a repair or for permission to carry out an
improvement involving electrical work.
Never tamper with the electricity board’s
fuse and seals. It is illegal and
Mending a mains fuse
If more than one light or appliance fails at
once, a fuse in your main circuit may have
blown. Make sure you know how to repair a
blown fuse, before an emergency occurs, and
keep a supply of cartridges and fuse wire
 Check all electrical appliances to look for
causes for the failure of the fuse. You
may be overloading a single socket with
for instance, a kettle, electric fire and a
hair dryer.
fuse box.
 Pull out the fuses one by one, until the
blown one is found.
 Replace the cartridge or wire with correct
current rating.
5 Amps
15/20 Amps
30 Amps
for lights
for immersion heater
for wall sockets and
most electric cookers
 Put the fuse back in the fuse box, switch
on and test.
If the fuse blows again disconnect all
appliances before renewing the fuse or fuse
wire, then plug in each appliance in turn. If a
fuse blows as an appliance is plugged in, the
fault will probably be in that appliance or its
Temporary repairs to burst pipes
The chances are that if you have a burst pipe
during winter weather so will many other
people. If you can do a temporary repair you
won’t have to go without water while you wait
for the plumber.
If a joint has pulled apart, try to put the pipe
back into the joint and tie tightly with a piece
of rag. If the pipe is split or has a hole, bind a
piece of plasticine, soft soap, or similar
substance to the burst with rag, bandage, or
tape. Put a container underneath to catch
any leaks. Turn the water off if your
temporary repair is not satisfactory and
always turn it off at night, or if you are going
Mending a tap washer
Taps leak when the washer becomes worn.
Most sink and basin taps require a 1/2”
washer; bath taps require 3/4”. Make sure
the new washer is the same size as the old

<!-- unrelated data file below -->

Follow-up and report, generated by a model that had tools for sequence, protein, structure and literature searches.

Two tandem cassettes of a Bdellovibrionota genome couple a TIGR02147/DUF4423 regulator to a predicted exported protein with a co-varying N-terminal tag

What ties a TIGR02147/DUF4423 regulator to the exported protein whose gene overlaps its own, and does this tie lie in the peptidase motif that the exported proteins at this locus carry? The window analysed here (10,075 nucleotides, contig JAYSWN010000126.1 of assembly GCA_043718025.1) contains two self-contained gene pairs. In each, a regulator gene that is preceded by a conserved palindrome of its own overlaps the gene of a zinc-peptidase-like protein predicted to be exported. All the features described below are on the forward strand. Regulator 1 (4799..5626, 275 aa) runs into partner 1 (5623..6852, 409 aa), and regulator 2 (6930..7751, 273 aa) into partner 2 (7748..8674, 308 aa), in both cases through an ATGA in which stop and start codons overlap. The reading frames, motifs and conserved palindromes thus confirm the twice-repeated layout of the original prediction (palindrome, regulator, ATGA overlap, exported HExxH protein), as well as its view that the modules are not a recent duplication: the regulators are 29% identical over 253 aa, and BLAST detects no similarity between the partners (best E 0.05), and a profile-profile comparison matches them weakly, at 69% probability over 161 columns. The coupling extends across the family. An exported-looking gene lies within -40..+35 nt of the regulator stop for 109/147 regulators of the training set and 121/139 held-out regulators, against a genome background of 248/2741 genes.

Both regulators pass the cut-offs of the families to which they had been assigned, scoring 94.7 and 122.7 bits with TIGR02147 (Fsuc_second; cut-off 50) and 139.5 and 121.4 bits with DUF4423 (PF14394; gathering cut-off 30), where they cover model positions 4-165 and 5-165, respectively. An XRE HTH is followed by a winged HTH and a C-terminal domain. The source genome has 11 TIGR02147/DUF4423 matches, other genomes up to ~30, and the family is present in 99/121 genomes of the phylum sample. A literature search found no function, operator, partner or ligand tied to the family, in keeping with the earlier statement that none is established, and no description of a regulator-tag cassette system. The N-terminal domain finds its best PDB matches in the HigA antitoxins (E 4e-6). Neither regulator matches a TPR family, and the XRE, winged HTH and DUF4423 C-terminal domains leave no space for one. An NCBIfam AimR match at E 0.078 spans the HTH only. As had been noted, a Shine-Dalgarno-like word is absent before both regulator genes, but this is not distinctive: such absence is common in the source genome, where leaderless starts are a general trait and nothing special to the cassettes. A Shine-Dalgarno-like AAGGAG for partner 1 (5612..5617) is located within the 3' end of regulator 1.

one. Fibre washers can be fitted to hot and
cold water taps but rubber washers should
only be used on cold taps:
 Turn off all stopcocks at the hot and cold
tank and mains supply. Turn on the tap
fully to drain off the water in the pipe.
 Unscrew the cover.
 Unscrew the large hexagonal nut using a
spanner or wrench.
 Remove the top half of the tap.
 Unscrew the small nut underneath the
washer which holds it is position and
remove the worn washer.
 Secure the new washer in position with the
small nut and re-assemble the tap.
 Turn on all stopcocks and the mains. Test
the tap.
Clearing blocked pipes
You can clear a blocked bath, sink or wash
basin with a suction plunger or appropriate
chemicals. If all efforts fail consult your
Housing Officer.
Mending a faulty cistern
If the water tank or WC cistern starts to
overflow, check the ball valve in the tank or
cistern. Gently depress the valve and allow it
to rise again, taking care not to bend the arm.
Repeat a few times. This may clear any
particles wedged behind the valve piston. If
this does not stop the dripping tell the
Association at once. Stop the overflow at
night by turning off the stopcock which
controls the water to the tank or cistern.
If you would like a translation of any of our
leaflets into a foreign language, please let us
Keniston is committed to equal opportunities in
employment and service delivery.
February 2007